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Athletics at the 1968 Ciudad de México Summer Games

1968 Summer Games: Previous Summer Games ▪ Next Summer Games


Host City: Ciudad de México, Mexico
Date Started: October 13, 1968
Date Finished: October 20, 1968
Events: 36

Participants: 1,029 (786 men and 243 women) from 92 countries
Youngest Participant: USA Esther Stroy (15 years, 64 days)
Oldest Participant: ISL Guðmundur Hermannsson (43 years, 78 days)
Most Medals (Athlete): 13 athletes with 2 medals
Most Medals (Country): USA United States (28 medals)


The biggest concern for the first Olympics held in America, but not the United States, was the fact that Ciudad de México sits at an altitude of 2,244 metres (7,360 feet). No previous Summer Olympics had been held at more than 200 metres of altitude. While fast times were expected in the sprint races, there was great concern about the lack of oxygen’s effect on the distance runners. Both expectations came true. World records were set in the 100, 200, 400, and several were set in the triple jump. In the long jump, [Bob Beamon] simply jumped into the next century, winning the gold medal with a meteoric 8.90 metres (29-2½), surpassing the world record by almost two feet, and winning the competition by 71 centimetres (28 inches). His world record would last for 23 years, broken in 1991 by [Mike Powell] at the 1991 World Championships. On the track, the 5,000 and 10,000 were won in very slow times, as the altitude affected the runners. And both races were won by African who had grown up at altitude – [Mohamed Gammoudi] (TUN) in the 5K and Kenya’s [Naftali Temu] in the 10K. One of the saddest sights of the Games came at the end of the 10K, when Australian distance runner Ron Clarke, world record holder and the favorite going into the Olympics, collapsed at the finish line. The doctors who ran to revive him were startled to see the condition of this superb athlete and openly wept in front of the Stadium crowd. Fortunately, he fully recovered. The marathon was also won by an African, with Ethiopia’s [Mamo Wolde] winning the third straight gold medal in that race for his nation. Two-time defending champion [Abebe Bikila] started but had to stop because of a stress fracture in his leg. On the field, [Al Oerter] won his fourth consecutive gold medal in the discus throw, the first athlete to win four consecutive gold medals, excluding the 1906 Olympics. Among the women, [Wyomia Tyus] became the first person, male or female, to defend the gold medal in the 100 metres.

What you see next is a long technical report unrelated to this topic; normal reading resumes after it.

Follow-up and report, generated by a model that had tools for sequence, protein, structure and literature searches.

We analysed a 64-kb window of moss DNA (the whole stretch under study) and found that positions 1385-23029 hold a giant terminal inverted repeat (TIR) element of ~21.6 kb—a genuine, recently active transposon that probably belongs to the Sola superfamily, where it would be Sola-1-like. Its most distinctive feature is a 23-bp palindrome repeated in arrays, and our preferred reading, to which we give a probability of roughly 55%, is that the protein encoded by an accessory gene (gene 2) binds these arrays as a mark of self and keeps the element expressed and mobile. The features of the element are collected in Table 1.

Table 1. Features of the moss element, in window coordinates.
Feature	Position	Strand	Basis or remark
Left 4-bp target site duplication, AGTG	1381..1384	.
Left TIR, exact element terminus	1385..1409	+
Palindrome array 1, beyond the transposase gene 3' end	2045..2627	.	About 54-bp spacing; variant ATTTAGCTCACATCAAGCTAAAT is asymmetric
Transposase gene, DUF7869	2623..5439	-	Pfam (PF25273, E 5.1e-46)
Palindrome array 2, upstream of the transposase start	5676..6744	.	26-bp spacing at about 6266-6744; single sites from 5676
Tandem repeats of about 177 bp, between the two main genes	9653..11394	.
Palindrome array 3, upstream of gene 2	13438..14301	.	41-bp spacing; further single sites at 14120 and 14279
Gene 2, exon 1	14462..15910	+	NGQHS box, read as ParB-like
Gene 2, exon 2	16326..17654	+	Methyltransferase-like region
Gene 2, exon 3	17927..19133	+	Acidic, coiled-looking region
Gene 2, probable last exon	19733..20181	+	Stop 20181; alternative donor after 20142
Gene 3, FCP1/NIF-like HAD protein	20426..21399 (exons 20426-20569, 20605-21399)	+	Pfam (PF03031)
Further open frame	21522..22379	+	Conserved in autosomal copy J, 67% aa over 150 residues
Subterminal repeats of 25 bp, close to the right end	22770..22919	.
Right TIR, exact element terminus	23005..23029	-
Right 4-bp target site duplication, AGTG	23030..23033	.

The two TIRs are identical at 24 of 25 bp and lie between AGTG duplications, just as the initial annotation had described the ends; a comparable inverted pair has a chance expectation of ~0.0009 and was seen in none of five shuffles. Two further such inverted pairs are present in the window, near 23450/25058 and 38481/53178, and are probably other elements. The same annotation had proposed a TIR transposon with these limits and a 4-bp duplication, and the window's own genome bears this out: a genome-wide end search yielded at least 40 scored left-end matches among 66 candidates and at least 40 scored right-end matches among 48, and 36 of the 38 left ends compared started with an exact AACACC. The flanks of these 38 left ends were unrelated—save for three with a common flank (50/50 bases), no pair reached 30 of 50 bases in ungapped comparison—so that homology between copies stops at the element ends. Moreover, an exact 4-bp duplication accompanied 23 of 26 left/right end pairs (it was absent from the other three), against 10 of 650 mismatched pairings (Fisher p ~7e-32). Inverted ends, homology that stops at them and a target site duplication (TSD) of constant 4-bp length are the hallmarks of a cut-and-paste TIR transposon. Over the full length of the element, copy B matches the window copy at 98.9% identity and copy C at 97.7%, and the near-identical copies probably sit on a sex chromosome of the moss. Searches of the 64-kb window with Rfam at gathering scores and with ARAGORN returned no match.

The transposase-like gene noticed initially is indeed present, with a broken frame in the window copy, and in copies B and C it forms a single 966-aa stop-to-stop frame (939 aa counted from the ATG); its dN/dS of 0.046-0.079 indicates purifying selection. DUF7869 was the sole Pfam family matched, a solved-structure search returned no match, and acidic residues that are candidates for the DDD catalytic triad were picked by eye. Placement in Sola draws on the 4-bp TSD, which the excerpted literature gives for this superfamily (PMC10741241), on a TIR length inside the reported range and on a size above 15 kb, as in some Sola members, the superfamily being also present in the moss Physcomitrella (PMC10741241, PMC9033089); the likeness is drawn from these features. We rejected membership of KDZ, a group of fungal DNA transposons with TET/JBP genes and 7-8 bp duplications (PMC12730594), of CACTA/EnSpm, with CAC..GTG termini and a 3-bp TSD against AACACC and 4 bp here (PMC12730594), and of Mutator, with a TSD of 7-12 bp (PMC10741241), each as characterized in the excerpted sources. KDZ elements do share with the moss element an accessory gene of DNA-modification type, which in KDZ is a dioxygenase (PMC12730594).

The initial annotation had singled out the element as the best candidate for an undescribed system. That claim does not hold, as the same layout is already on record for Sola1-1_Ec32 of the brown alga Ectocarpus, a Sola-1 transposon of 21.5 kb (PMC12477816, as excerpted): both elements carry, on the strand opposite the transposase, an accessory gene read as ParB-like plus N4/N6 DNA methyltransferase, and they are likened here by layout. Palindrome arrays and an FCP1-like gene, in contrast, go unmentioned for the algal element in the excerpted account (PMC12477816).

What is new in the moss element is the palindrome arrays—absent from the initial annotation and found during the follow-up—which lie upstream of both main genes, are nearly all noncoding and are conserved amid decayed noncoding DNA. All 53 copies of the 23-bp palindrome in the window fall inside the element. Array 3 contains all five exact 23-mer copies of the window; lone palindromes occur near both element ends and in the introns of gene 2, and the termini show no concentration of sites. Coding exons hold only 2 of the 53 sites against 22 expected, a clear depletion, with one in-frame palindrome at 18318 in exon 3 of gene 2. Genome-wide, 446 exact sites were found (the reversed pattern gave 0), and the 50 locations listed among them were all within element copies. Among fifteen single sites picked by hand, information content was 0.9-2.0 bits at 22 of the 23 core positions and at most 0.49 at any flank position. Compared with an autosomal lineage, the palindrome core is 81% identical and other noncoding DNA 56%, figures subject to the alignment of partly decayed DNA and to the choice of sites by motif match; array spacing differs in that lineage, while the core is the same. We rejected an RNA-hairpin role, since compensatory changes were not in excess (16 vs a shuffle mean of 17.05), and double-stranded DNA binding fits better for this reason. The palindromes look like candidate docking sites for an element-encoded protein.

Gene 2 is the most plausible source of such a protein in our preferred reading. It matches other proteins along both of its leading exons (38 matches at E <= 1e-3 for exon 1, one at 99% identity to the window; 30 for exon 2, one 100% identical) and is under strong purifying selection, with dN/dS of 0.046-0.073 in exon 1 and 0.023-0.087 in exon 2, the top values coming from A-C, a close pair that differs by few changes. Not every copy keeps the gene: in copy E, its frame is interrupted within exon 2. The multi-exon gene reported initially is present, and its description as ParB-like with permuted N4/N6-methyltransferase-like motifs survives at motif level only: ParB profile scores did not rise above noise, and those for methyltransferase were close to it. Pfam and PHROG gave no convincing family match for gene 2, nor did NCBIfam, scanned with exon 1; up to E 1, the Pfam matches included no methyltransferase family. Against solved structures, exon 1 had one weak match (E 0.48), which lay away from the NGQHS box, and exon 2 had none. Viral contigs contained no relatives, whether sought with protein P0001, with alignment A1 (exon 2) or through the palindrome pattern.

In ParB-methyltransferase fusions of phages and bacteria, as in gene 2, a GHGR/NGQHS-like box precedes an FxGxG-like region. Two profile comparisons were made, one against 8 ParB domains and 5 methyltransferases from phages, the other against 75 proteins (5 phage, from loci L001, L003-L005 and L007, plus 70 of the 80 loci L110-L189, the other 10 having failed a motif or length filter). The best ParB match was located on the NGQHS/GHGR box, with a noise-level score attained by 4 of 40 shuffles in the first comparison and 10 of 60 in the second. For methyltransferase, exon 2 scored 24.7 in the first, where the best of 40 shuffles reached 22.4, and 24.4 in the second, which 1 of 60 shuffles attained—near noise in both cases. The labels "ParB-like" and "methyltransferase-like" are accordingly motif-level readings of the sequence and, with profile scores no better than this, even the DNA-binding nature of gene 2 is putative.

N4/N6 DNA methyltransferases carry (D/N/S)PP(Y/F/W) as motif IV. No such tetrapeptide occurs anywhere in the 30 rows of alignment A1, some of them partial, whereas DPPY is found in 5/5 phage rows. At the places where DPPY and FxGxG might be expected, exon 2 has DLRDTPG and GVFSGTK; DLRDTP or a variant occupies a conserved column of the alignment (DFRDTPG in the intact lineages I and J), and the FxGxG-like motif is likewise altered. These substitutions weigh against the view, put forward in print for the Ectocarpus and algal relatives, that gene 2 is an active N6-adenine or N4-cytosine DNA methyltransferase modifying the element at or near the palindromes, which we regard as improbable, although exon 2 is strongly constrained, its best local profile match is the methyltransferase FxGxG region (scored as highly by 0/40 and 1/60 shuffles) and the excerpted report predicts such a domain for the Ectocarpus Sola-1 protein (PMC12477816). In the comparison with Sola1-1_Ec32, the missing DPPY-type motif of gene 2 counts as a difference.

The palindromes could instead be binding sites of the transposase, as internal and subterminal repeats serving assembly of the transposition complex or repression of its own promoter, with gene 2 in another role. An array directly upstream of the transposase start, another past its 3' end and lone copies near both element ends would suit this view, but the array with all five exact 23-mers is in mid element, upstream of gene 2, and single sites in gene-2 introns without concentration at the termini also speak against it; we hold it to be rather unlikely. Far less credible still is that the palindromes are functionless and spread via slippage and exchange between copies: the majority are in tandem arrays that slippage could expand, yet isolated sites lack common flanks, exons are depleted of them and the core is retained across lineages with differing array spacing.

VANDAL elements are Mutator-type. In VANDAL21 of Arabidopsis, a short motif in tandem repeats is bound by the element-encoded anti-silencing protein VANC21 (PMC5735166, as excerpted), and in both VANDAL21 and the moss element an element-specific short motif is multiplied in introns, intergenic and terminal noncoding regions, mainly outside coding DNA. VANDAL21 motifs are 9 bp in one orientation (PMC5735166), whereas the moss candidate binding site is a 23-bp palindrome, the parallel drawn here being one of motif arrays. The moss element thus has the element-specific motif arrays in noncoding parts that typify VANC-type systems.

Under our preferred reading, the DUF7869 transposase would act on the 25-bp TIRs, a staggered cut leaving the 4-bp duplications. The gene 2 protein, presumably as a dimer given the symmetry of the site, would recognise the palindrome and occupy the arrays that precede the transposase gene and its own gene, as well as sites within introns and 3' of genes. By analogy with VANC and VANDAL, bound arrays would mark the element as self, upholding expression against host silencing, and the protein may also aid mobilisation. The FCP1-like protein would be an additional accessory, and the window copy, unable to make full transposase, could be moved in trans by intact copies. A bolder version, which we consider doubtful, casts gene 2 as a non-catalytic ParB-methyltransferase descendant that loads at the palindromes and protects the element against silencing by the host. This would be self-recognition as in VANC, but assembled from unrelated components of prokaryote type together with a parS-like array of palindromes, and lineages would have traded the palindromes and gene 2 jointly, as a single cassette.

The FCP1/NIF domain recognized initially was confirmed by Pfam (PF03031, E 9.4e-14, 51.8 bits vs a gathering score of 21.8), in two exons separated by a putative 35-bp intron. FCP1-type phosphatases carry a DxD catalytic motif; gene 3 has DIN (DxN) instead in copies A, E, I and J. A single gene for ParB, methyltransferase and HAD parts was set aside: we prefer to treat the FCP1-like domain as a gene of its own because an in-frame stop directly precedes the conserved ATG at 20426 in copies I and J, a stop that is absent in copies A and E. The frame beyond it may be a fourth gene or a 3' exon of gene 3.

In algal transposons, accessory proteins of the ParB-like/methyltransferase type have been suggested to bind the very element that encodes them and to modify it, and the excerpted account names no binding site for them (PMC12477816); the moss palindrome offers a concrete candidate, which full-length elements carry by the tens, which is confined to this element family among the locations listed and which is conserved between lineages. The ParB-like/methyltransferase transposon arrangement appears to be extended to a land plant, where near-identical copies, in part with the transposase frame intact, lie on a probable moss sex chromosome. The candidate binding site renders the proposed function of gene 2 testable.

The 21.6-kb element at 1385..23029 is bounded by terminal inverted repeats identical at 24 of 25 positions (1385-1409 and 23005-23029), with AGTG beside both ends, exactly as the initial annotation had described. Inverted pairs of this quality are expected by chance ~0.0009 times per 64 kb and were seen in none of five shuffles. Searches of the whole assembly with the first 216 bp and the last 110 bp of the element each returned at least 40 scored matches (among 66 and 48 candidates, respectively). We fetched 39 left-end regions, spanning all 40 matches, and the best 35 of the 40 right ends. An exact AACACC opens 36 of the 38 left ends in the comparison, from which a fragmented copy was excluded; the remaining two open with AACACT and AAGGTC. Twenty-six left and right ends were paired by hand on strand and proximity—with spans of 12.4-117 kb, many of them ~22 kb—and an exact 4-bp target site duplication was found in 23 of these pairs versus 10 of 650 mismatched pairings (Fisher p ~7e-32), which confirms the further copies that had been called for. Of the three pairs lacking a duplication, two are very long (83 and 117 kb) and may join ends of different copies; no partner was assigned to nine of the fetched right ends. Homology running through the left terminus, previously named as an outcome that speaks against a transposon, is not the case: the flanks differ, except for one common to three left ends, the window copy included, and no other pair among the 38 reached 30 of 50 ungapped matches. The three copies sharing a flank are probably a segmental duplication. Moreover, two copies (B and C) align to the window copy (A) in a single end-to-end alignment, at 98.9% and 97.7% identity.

The biggest controversy of the 1968 Olympic athletics came in the medal ceremony for the 200 metres. The race was won by American [Tommie Smith] with his teammate [John Carlos] earning a bronze medal. Both Smith and Carlos had been part of discussions by American blacks about boycotting the 1968 Olympics, but eventually all of them competed. But on the medal podium, to protest the treatment of American blacks, while the American anthem played, Smith and Carlos bowed their heads and raised a single black-gloved fist. It was not well-received and Smith and Carlos were asked to leave the Olympic Village by the IOC, but they have since been lauded for their quiet protest.